To defer in football is one of three coin toss options a team has to choose from. If a team defers, they withhold their decision until the start of the 2nd half where they will have their first choice from the coin toss options.
At the start of the second half, the team is given the normal coin toss options:
- Receive the ball
- Kick the ball
- Choose which direction to defend
If a team chooses to defer, they will almost always choose to receive in the second half. Otherwise, they would be at a big disadvantage as their opponent would receive the ball to start both halves.
Deferring the first half coin toss is a strategy that many teams employ. While there is no concrete statistical proof that deferring on a kickoff is beneficial many coaches still swear by it. They believe that it offers a psychological advantage as well as more possessions in the second half. The thought is that the more possessions a team has in the more important half (second) the better chance they have at winning.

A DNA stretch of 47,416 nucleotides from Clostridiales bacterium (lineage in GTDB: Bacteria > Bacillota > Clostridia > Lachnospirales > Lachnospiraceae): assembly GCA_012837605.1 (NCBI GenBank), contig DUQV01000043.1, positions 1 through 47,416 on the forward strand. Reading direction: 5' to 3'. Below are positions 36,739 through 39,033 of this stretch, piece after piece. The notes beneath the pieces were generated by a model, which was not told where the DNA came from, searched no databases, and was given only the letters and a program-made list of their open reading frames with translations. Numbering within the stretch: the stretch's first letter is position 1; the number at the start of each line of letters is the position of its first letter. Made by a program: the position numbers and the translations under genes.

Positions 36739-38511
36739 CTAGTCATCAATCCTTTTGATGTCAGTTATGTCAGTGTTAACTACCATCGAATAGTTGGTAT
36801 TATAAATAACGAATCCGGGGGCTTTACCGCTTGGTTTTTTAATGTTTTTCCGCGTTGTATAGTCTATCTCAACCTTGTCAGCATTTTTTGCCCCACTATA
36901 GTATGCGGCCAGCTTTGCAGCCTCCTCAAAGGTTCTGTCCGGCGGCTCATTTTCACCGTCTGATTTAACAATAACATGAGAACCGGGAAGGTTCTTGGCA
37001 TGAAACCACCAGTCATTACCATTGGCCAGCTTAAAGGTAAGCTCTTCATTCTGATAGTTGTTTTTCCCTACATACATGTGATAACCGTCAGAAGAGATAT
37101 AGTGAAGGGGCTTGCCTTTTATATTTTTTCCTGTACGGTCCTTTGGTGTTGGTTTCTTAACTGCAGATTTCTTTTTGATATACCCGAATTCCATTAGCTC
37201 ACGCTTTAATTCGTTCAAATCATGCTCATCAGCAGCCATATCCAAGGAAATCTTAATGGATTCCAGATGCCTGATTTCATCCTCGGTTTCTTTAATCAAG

In overtime teams are unable to defer as it is played as a sudden death format. There is no second half to save your pick for. Teams that choose to receive the ball win 55 percent of the time, so teams rarely elect to kick.
History of Choosing to Defer
Before 2008 teams only had two options in a kickoff, pick your side or who gets the ball. In 2008 the deferral was added as a choice. Instead of being made to select what you wanted in the first half automatically, a team could save their choice for the second half. At first, most teams would often choose to receive the ball. However, head coach Bill Bellicheck of the New England Patriots changed the way coaches thought about coin tosses by almost always choosing to defer. The Patriots had great success this way, often able to score late in the first half and at the beginning of the second half for a 2 for 1. Now around 80 percent of teams defer when winning the coin toss.